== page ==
Escaping Modern-Day Slavery
By Garet Benson
My aunt's apartment in LA was immaculate. The living room looked like it had never been lived in and the kitchen never cooked in.
"Are you having a nice time?" my mother asked me on the phone.
"Sure. Yesterday Tante Lilly took me to Fairfax and bought me a chocolate rum ball," I reported, but Mom could hear right through my feigned cheerfulness. I was only ten and unskilled in the art of subterfuge. She started gently interrogating me. Eventually I broke.
"Tante Lilly got upset with me," I admitted glumly.
My mother wanted to know what crime I had committed.
"She said I left some toothpaste in the bathroom sink."
"Uh huh." Mom sounded pensive for a moment. "Benjamin," she began, and I braced myself for a lecture. Usually I was just Ben. "Your Tante Lilly is very particular about cleanliness. Everyone has their own meshugas (idiosyncrasy) - some are better and others are worse. Cleanliness and hygiene is her thing. You just have to learn to live with it."
* * *
When I went away to college I had to share a room for the first time. Roommates came and went, but all of them had one thing in common: each had his own meshugas of one kind or another. Some of their habits, compulsions and addictions were very harmful while others were quite innocuous.
I had roommates who were extremely neat, others who were obsessive about their personal possessions and still others who were constantly on guard against the slightest encroachment on their space. (And some were even wary against encroachments on their mental and emotional space. From across the room one could face a charge of "I feel like you're invading my space.")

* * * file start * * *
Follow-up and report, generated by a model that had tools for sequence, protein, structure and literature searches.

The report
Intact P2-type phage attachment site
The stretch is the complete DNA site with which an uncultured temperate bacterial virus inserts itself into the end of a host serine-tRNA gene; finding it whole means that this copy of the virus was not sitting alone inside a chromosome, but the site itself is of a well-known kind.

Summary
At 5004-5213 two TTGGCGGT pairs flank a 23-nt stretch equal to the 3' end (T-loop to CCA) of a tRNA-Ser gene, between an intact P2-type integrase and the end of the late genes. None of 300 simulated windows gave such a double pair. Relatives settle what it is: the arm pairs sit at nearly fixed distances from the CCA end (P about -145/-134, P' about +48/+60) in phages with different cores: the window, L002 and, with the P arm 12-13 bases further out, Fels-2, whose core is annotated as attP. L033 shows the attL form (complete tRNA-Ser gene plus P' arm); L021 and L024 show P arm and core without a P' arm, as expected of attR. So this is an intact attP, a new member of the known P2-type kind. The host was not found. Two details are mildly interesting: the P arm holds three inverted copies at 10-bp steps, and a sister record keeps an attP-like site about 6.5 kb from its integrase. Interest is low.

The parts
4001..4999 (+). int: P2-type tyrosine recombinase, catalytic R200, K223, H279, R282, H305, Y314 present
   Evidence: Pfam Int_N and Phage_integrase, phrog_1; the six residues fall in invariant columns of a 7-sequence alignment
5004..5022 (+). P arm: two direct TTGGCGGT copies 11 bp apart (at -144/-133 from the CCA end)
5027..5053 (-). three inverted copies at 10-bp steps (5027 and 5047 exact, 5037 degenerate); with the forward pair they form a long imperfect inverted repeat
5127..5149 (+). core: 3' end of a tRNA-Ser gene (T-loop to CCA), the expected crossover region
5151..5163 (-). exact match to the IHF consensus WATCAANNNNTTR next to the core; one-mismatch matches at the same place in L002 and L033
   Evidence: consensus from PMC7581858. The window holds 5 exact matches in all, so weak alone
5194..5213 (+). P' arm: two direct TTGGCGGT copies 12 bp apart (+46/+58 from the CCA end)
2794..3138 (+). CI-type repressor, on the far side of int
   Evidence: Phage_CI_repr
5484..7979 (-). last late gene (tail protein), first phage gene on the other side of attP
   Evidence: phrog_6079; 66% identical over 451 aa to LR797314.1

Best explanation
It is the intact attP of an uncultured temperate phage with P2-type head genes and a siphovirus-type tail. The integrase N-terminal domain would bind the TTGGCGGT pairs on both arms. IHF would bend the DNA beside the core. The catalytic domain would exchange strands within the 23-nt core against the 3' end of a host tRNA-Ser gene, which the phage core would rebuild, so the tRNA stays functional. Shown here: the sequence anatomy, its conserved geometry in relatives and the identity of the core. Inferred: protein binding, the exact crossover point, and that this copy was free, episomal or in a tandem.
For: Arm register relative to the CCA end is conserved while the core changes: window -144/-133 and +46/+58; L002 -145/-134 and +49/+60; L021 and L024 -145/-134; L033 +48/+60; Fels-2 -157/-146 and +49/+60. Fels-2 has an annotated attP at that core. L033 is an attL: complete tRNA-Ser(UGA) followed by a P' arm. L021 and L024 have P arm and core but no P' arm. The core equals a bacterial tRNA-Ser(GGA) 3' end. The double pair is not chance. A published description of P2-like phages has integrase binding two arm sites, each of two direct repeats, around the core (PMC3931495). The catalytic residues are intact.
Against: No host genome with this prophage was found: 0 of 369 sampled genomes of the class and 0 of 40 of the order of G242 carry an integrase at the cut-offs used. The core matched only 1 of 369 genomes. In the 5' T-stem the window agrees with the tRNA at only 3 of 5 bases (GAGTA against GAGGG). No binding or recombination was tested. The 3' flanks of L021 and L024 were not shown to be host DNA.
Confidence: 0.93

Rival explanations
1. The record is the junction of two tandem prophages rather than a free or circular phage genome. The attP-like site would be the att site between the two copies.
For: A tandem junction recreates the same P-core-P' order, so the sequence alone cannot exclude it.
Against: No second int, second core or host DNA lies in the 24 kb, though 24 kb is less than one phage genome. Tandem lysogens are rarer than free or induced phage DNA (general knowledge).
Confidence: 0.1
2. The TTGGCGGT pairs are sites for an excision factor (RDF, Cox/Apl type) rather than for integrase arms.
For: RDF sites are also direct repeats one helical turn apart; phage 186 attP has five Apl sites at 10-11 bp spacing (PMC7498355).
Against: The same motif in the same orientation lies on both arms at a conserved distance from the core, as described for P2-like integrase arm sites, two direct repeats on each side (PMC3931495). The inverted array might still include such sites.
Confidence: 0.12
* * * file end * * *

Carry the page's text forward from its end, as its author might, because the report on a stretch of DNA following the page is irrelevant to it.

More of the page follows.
But keeping my mother's invaluable pearl of wisdom in mind, I was able to adapt to every quirk and eccentricity.
Years later I was out of college, out of the army and in yeshiva. And still I had roommates to deal with.
Passover came and along with it another pearl of wisdom, this time from the rabbis at my yeshiva: Although the Jews were officially released from slavery in Egypt - shi'ebud Mitzrayim - 3,319 thousand years ago, we are still enslaved in various ways. Some people are addicted to cigarettes, while other people let food or other physical urges rule their lives. Some people spend most of their waking hours obsessed with efforts to "get ahead," while others will do anything to gain attention or honor. And nearly all of us - at least one time or another - allow the chase after the material lord over us.
How can we escape this modern-day slavery? One strategy is to consciously choose our shi'ebud, (dependency) i.e. to channel this innate urge toward healthy outlets. If you have an addictive personality, find a worthy habit and get addicted to it. And if you're the type of person who's always trying to "get ahead," try to get ahead in the eyes of your Maker rather than your neighbor.
from the March Passover 2007 Edition of the Jewish Magazine